(Image courtesy of corenafund.org)
I have been interested in alternative energy systems for my entire career. My work experience for my Electrical Engineering degree was taken with the University of NSW in the photovoltaics lab where Professor Martin Green was breaking world records for solar cell efficiency. I still have some laser grooved cells that I made in the lab in 1990.
I volunteered at the Folkecenter for Vedvarende Energi in Denmark at a time when wind turbines were starting to dot that landscape and locally owned district heating plants were considered a normal contribution to an energy efficient electricity grid. Someone explained to me that these things worked in Denmark because it was in their constitution that access to water and energy were basic rights for people and these services must not be sold at a profit. (I will get a chance to check that story properly)
When I moved to the UK to do industrial energy efficiency work, I was involved in a number of co-generation projects using both electricity and heat onsite, as well as demand management to optimise electricity costs.
Small scale electricity production has been around for a long time and Amory Lovins from the Rocky Mountain Institute has consistently claimed that neighbourhood scale energy is the most economically efficient way to build an energy system. (He goes on to claim that this scale also turns out to be the most economically efficient way to deliver all infrastructure and points to studies on telecommunications and sewerage systems to back up his claim – this is another issue I hope to investigate and put some solid references behind in my work)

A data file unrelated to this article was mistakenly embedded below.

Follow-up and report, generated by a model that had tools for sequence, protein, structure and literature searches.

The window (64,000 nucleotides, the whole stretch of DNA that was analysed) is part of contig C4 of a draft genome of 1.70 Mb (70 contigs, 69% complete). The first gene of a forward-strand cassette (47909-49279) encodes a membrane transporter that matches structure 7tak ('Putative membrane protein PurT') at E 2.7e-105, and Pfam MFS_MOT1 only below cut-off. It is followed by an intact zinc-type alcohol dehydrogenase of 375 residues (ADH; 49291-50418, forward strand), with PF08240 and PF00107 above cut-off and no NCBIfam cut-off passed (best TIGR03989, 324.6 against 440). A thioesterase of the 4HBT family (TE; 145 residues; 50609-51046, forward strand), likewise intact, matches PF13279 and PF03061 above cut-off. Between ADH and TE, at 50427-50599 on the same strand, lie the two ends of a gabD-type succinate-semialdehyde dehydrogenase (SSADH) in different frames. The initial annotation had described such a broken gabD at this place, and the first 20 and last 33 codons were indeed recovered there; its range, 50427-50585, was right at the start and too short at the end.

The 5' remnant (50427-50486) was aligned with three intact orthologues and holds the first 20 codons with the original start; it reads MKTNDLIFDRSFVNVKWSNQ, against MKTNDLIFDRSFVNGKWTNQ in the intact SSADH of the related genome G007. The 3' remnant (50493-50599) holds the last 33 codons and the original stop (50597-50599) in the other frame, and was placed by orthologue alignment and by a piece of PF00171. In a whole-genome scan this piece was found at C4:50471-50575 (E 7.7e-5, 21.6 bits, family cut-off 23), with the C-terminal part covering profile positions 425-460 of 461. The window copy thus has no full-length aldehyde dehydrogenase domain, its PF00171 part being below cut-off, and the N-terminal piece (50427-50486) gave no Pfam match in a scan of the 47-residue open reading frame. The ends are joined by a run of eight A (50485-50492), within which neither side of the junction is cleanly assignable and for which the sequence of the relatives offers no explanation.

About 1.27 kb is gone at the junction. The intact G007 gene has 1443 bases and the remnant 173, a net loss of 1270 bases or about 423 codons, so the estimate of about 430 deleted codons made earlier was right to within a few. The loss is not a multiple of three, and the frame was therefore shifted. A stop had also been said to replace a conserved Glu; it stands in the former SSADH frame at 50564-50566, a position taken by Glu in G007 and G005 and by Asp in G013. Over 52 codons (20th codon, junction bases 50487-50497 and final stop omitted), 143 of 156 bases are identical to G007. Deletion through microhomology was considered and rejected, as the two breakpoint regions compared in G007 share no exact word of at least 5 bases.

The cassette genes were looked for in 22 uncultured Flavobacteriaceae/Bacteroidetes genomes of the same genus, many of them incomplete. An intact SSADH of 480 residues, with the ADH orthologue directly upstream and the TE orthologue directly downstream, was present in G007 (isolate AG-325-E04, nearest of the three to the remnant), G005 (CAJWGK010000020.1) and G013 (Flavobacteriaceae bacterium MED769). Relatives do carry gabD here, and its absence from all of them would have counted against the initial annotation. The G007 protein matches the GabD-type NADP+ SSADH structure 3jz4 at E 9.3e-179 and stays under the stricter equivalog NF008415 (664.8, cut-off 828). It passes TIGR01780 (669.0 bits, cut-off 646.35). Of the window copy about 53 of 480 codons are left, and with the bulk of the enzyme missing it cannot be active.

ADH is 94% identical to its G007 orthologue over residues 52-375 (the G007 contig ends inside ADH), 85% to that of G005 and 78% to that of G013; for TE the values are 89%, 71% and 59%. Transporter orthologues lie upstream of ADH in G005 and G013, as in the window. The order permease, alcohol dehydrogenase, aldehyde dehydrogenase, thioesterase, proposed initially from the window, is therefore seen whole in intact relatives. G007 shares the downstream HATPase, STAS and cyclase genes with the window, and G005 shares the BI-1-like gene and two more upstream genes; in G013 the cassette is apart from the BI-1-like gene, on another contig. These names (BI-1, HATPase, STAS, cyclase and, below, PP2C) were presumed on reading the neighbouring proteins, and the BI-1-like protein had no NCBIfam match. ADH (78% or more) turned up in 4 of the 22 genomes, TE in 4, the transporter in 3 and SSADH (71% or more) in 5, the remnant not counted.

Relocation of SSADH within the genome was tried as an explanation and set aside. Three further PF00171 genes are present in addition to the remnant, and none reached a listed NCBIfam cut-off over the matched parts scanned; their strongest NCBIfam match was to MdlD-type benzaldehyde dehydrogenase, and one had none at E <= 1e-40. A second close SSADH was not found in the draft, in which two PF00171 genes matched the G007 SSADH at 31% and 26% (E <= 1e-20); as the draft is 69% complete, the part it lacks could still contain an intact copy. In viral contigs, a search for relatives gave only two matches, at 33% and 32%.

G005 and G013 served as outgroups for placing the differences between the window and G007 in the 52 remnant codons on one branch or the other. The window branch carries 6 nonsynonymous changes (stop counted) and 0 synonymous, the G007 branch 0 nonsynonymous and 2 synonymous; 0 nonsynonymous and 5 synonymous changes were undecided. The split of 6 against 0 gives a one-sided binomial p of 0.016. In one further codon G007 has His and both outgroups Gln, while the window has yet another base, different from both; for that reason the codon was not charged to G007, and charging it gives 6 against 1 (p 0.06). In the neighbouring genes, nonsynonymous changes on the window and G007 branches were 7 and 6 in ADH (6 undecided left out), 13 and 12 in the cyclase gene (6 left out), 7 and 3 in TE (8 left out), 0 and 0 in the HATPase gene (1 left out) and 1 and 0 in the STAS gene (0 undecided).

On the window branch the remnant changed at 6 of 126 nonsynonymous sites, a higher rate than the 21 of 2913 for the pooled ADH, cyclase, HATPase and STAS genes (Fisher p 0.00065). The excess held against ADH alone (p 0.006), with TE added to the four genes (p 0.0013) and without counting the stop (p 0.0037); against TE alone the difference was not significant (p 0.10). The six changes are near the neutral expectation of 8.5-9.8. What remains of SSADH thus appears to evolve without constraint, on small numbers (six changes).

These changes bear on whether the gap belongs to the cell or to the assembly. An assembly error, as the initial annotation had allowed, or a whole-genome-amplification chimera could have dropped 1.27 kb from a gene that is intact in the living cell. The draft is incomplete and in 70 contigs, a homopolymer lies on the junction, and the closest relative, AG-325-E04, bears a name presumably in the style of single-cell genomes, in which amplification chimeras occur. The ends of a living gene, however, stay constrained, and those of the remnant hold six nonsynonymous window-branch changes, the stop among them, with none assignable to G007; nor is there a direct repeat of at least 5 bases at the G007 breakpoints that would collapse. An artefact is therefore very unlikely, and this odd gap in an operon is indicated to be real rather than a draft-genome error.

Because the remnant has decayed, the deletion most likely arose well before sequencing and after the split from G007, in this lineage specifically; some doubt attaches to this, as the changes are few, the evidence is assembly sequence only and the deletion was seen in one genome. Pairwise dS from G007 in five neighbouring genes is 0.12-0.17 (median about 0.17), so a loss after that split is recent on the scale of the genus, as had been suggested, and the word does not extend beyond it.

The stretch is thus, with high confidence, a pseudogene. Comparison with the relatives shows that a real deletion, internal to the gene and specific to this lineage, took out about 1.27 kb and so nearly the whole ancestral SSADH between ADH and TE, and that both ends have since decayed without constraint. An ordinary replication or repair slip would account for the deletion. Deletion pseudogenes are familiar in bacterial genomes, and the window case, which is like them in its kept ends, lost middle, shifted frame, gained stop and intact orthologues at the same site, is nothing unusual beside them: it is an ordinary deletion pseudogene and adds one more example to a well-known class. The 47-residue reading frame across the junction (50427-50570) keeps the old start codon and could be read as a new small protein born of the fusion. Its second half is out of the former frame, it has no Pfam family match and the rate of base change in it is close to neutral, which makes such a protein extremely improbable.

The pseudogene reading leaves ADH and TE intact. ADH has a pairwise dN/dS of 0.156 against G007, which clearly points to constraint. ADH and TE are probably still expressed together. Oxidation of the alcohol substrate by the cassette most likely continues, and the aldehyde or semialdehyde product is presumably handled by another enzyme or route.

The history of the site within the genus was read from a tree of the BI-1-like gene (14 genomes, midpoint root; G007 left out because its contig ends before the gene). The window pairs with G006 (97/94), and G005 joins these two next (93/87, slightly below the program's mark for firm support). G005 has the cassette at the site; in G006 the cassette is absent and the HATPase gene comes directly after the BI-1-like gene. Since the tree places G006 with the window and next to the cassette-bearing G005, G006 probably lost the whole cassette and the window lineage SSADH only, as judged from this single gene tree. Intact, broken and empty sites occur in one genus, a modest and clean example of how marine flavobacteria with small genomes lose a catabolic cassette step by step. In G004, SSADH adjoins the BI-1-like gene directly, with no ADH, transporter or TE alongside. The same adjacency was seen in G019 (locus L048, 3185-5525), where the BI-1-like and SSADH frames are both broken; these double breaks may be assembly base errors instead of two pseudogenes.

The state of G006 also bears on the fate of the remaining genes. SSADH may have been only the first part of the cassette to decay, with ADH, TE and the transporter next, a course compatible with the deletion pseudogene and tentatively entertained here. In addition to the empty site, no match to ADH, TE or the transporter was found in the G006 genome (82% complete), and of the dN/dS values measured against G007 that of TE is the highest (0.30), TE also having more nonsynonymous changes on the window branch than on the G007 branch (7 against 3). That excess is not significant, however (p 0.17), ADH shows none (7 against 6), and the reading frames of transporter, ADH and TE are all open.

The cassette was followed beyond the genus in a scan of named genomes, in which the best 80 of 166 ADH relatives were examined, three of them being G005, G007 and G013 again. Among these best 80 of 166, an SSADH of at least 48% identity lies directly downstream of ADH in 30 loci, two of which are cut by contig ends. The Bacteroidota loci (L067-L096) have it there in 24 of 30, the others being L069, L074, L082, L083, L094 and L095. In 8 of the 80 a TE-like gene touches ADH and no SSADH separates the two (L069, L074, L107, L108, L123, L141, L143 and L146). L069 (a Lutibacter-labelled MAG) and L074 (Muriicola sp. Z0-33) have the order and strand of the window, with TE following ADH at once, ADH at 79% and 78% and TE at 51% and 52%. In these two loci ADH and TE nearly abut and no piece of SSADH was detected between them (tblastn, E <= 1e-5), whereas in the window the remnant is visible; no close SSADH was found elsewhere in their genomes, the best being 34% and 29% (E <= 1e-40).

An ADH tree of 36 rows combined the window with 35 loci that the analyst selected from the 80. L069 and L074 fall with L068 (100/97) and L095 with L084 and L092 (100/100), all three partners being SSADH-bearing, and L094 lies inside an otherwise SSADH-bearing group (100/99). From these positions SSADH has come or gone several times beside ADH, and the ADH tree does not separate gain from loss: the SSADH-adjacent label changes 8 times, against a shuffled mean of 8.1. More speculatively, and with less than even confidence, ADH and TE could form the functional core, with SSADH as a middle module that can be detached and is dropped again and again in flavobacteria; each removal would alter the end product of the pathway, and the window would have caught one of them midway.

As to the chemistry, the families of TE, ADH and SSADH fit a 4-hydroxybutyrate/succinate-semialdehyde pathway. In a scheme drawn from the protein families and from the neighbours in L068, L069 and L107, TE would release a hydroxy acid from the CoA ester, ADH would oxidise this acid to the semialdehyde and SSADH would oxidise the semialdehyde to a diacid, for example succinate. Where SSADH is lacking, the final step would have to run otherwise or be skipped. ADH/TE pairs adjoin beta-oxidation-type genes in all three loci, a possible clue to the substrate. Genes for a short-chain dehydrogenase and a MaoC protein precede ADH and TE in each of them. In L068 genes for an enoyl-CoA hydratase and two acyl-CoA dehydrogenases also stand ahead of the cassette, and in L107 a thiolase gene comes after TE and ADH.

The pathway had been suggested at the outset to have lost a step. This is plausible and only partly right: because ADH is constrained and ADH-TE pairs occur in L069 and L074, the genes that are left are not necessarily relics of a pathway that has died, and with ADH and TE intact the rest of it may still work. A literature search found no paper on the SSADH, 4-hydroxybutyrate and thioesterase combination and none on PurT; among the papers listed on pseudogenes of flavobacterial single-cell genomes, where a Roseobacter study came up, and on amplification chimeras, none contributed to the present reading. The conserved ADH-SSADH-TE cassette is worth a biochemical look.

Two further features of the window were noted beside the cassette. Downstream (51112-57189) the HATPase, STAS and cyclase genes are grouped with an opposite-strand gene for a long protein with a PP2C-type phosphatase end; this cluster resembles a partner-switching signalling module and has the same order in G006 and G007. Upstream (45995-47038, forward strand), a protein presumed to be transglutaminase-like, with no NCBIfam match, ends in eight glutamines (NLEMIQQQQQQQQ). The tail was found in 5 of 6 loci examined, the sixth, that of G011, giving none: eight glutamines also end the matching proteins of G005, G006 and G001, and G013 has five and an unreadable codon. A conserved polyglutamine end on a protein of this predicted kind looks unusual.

But now we have a technology boom. Can you imagine how excited I am to see the price of solar energy zoom past the cost-effective point, continue on to grid parity and now be challenging the price of wholesale energy? Some say solar will be the cheapest form of energy in most parts of the world in ten years time!
And this year we had a flurry of excitement over battery storage systems. Elon Musk brought a celebrity status to an area of research that has formerly been the realm of nerdy engineers. But while Tesla sportscars and slick marketing might make the Tesla Powerwall a household name, AGL have also released a household product and SA Power Networks have quietly predicted half of us may have storage systems by 2034.
Let’s not forget smart grids. I am in love with the idea of smart grids. The idea that the controls and sensors associated with electricity use could become so commonplace and cheap has me very enthused because I have advocated for energy efficiency and small scale energy for a long time. The cost of smarts on these small systems is often what killed them and stopped them from competing with conventional, large systems. The smart grid we envisaged in 2009 has evolved and looks a bit more like the Internet of Things now I suspect, but I still see this technology as a potential leveler – bringing democracy to the system.